The Corps has stepped up emergency scouring and dredging operations in response to the unprecedented low water levels in the Mississippi River Basin.

Marty Hettle works for the barge operator, AEP.  He says the river forecast is not expected to trend upward any time soon.

Governor Jay Nixon (D) says his administration is keeping tabs on river levels along the Missouri and Mississippi as drought conditions persist across the state.  He indicates that the Missouri River may be in worse shape.

“I think that the challenges on the Missouri are a little more significant than the Mississippi," Nixon said at a gathering Wednesday in Jefferson City.  "Minnesota has had a fair amount of rain in that part of the country, but we’re watching those issues very carefully.”

The Drought is starting to severely impact shipping along the Mississippi River as water levels continue to drop.

The region’s shipping companies have had to lighten their loads to keep from running aground and that’s starting to cut into their bottom lines.

(via Flickr/Indofunk Satish)

Missouri payrolls decline

Missouri officials say state payrolls declined by 4,000 jobs in June while unemployment simultaneously decreased 7.1 percent. Department of Economic Development officials say much of the decline in Missouri non-farm payrolls came in the local government sector, which shed 3,100 jobs in June.

The state unemployment rate has declined or held steady each month since June 2011. The jobless rate last month is the lowest in Missouri since December 2008.

(via flickr/benclark)

Mississippi River is second-most toxic river in United States

A new report released by Environment Missouri says the Mississippi River is the second-most toxic river in the nation.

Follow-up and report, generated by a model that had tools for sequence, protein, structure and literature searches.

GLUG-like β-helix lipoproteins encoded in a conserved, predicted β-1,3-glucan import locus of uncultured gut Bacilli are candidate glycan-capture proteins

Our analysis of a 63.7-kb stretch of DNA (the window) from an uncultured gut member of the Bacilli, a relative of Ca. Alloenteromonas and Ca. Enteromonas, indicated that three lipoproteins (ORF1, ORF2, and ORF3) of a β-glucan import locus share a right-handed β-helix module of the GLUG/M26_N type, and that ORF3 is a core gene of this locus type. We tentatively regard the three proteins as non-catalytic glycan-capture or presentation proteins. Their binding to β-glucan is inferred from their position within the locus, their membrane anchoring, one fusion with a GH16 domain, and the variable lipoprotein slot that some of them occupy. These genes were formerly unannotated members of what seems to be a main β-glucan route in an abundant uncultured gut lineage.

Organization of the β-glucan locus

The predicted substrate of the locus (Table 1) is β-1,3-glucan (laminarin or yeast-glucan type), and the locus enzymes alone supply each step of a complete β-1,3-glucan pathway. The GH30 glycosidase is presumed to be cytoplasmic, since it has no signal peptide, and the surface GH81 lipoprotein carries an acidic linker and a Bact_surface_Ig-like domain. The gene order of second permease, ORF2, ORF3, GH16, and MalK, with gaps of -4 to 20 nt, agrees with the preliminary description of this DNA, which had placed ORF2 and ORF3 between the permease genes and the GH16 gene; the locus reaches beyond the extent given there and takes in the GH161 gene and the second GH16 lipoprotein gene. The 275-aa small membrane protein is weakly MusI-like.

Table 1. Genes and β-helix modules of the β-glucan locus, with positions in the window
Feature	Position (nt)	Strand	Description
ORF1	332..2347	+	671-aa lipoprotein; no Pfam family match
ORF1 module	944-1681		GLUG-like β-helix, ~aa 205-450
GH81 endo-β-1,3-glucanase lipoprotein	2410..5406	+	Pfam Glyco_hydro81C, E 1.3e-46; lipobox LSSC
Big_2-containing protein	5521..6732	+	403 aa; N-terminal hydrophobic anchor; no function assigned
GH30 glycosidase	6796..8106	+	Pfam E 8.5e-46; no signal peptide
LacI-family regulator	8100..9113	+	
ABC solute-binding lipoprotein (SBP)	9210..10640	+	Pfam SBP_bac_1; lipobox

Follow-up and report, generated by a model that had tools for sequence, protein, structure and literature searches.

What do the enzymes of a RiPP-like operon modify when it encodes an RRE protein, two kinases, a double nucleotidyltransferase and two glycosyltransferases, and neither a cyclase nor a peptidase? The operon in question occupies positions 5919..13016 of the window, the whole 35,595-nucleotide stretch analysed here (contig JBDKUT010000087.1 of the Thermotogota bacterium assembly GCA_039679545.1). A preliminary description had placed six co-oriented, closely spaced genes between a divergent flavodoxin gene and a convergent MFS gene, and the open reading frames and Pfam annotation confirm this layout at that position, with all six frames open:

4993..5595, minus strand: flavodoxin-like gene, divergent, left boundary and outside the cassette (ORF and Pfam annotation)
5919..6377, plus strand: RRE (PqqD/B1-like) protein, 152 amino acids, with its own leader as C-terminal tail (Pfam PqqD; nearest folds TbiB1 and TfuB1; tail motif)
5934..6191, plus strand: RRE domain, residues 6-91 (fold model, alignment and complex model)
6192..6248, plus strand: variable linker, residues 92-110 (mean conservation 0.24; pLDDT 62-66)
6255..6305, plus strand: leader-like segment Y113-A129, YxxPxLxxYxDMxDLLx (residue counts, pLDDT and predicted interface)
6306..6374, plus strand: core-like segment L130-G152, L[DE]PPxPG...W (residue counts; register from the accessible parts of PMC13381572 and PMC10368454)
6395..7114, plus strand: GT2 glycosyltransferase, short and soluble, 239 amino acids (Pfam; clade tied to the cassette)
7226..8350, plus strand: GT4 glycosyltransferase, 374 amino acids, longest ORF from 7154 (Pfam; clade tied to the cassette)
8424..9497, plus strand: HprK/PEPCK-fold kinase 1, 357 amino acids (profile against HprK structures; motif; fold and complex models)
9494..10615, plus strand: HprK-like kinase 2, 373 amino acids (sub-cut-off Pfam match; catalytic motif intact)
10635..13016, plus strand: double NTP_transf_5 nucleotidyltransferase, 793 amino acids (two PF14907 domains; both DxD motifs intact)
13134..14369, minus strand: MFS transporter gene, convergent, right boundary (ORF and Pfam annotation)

Data released Thursday shows that 12 million pounds of toxins were dumped into the Mississippi in 2010, with 672,000 pounds being released in Missouri. The only waterway more toxic is the Ohio River.

(via NASA/Goddard SVS)

Updated 4:43 p.m. with comment from Glynnis Collins of the Prairie Rivers Network.

A coalition of environmental groups is taking legal action to push the U.S. Environmental Protection Agency to limit nutrient pollution.

(via Flickr/The Confluence)

"When they aren't moving, they aren't creating any revenue."

It’s around 8:30 on a chilly morning and workers are starting their day at America’s Central Port on the East Saint Louis side of the Mississippi River.

Under a steady drizzle they blast clean barge hulls with massive power washers.

In a suit and tie the port’s Executive Director Dennis Wilmsmeyer is a sharp contrast to bearded workers wearing Carhart overalls.

He takes a wide stance on top of barge that rocks back and forth.

(U.S. Army Corps of Engineers St. Louis District)

The Riverlands Migratory Bird Sanctuary is opening a new information center overlooking the Mississippi River in West Alton.

Riverlands program manager Charlie Deutsch of the U.S. Army Corps of Engineers says the 3,700-acre sanctuary attracts tens of thousands of migratory birds every year.

(SLDC RFQ, July 9, 2010)

The St. Louis Development Corporation is holding a public meeting on Tuesday afternoon to discuss plans to develop the north St. Louis riverfront.

The engineering firm HNTB has been studying the 3,000-acre area for the city, to figure out what’s needed to turn it into a freight transportation hub. The city also wants to attract new businesses and jobs.

(Courtesy U.S. Geological Survey)

A new study shows that despite decades of effort to reduce nitrate pollution in the Mississippi River Basin, concentrations remain as high today as they were in the 1980s.

The U.S. Geological Survey conducted the study, which looked at nitrate levels at eight sites on the Mississippi, Iowa, Illinois, Missouri, and Ohio rivers.

USGS hydrologist and study lead Lori Sprague said the next step will be to figure out where the pollution is coming from.

(via Flickr/GIANTsqurl)

Good morning! Here are some of today's starting headlines:

Mo. Gov. Nixon to sign legislation related to disability issues